There’s a lot of data stored in relational databases. How to interact with these? That’s another question that has a ready answer. Once again, the answer involves a mapping language – and, more specifically, OBDA, the Ontop-native mapping Language.

OBDA allows you to define how your relational data would map to RDF. Suppose that LAZY has a legacy system with lots of inspections in it. Then, there would be a mapping file that specifies the translation process.

[PrefixDeclaration]
lazy:        http://lazy.org/compliance

[MappingDeclaration] @collection [[
mappingId    inspection
target        lazy:inspection/report/{report_id} a lazy:Report ;  lazy:date {at_date}^^xsd:dateTime .
source        SELECT * FROM "inspections1"."inspection" WHERE “completed” = “1”
]]

Mapping the data and report ID to RDF

Beside this, LAZY would also need to provide a relevant JDBC driver for their database. Then they can use federation to access that repository from any other place, or even materialize it as native RDF. Every time, the query would be executed at the relational database, eliminating the overhead of GraphDB.

GraphQL federation

As we’ve already lamented, the world does not run on RDF. There are many other data formats. One of the popular ways to query data is GraphQL. The great benefits of GraphQL are that it’s easy (compared to SPARQL, anyway), you only get what you request, it has a ready federation solution and there’s a lot of services implementing it.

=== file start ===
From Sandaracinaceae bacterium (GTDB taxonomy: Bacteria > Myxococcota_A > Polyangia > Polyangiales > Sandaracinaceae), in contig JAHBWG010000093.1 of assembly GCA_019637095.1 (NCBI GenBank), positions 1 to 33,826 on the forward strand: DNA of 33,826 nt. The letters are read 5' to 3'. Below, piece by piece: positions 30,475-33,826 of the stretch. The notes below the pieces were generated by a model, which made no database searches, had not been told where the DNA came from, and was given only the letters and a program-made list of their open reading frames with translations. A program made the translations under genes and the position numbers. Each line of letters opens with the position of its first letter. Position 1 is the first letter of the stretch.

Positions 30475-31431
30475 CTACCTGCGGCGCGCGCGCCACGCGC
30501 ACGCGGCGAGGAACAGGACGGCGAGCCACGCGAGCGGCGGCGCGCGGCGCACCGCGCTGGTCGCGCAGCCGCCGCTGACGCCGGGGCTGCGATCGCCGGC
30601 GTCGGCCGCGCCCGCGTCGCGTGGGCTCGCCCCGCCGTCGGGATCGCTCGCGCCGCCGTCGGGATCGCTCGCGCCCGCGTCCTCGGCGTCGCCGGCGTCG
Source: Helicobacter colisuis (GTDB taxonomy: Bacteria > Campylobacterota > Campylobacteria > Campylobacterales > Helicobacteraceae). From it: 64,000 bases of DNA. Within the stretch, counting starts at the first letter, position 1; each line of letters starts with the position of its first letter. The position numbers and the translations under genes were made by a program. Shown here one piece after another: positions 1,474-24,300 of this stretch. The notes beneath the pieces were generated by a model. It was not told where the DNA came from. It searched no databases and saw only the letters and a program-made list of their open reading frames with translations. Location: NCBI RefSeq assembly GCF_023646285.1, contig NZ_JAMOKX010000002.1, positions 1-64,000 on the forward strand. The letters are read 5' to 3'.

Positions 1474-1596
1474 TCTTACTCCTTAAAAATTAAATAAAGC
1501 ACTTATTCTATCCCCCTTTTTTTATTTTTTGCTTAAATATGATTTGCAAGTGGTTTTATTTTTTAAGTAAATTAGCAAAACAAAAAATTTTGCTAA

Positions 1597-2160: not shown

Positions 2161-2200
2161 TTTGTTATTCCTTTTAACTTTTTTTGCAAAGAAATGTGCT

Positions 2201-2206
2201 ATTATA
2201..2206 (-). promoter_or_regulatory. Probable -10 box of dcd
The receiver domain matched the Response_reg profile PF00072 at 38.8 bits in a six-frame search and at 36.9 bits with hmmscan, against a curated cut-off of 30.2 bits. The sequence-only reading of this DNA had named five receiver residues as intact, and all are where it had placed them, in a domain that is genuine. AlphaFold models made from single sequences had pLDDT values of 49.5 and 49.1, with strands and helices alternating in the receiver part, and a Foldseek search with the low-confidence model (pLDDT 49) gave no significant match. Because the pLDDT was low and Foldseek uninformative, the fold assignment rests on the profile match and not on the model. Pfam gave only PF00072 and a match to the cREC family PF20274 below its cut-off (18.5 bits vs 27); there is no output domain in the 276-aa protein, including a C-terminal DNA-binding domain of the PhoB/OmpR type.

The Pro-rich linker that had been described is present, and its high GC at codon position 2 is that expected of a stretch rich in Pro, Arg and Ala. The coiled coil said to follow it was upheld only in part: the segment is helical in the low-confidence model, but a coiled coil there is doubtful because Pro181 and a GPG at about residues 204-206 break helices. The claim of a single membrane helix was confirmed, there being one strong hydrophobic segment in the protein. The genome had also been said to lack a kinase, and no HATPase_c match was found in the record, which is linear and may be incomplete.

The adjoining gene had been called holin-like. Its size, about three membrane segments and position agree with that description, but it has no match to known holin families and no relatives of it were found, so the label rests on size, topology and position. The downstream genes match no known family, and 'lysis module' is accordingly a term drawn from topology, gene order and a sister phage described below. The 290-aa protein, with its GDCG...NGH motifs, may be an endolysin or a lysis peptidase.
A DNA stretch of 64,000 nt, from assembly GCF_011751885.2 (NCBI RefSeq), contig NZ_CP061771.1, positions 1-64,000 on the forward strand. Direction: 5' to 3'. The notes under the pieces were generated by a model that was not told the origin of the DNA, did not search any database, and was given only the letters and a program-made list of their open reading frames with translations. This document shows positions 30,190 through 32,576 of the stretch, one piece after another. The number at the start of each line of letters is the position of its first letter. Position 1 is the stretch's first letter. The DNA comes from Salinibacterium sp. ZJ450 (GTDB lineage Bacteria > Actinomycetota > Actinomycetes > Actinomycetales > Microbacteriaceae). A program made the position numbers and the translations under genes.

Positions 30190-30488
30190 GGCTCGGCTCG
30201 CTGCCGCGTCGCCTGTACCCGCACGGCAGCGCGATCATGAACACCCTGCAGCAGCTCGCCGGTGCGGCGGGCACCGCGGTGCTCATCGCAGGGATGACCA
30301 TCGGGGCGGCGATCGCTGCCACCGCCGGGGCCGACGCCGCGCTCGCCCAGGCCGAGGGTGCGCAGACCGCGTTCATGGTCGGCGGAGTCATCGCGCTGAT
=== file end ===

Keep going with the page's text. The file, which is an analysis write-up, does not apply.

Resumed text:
When you venture into answering queries over RDF data with GraphQL, you don’t need to look further than Ontotext Platform. Ontotext Platform allows you to define a simple model of your data – or to generate it from your pre-existent ontology. This model would contain a number of objects such as Report, Drone, Inspection, Building, etc. Each object would have a number of properties – for example, Report.date, Building.location, etc. Then, you can use GraphQL to query those properties, with powerful filtering capabilities.

Get all buildings built after 1990 that are not taller than 100 meters

What’s most important here is that you can also federate with external sources. You can use the extend and external flags to define a property as something that needs to be fetched from an external source. Suppose that LAZY has to integrate with another inspection software’s data. They also have a GraphQL type called “Building”. So, LAZY (or their partners) would have to declare that their “Building” extends the base type. Then, the federation service query resolvers would mix the data sources and provide the customer with a united answer.

Extend the base Building object with the builtOn property. Specify that inspectionRating is provided externally.

There are many other benefits of the Platform such as RBAC security at the Object level or Elasticsearch integration with Semantic Search, but for now, LAZY is not interested in them.

Federation of different data sources is a tough subject. With Ontotext’s products, LAZY is firmly on the way towards finding a solution.

Visualization tools and data access

Data analytics can be a bit elitist. After all, it requires you to know specific query languages, sometimes even tools. This is why, when we move towards the business side, often some kind of visualization is required. Why have all that wonderful data if only a few people can navigate around it?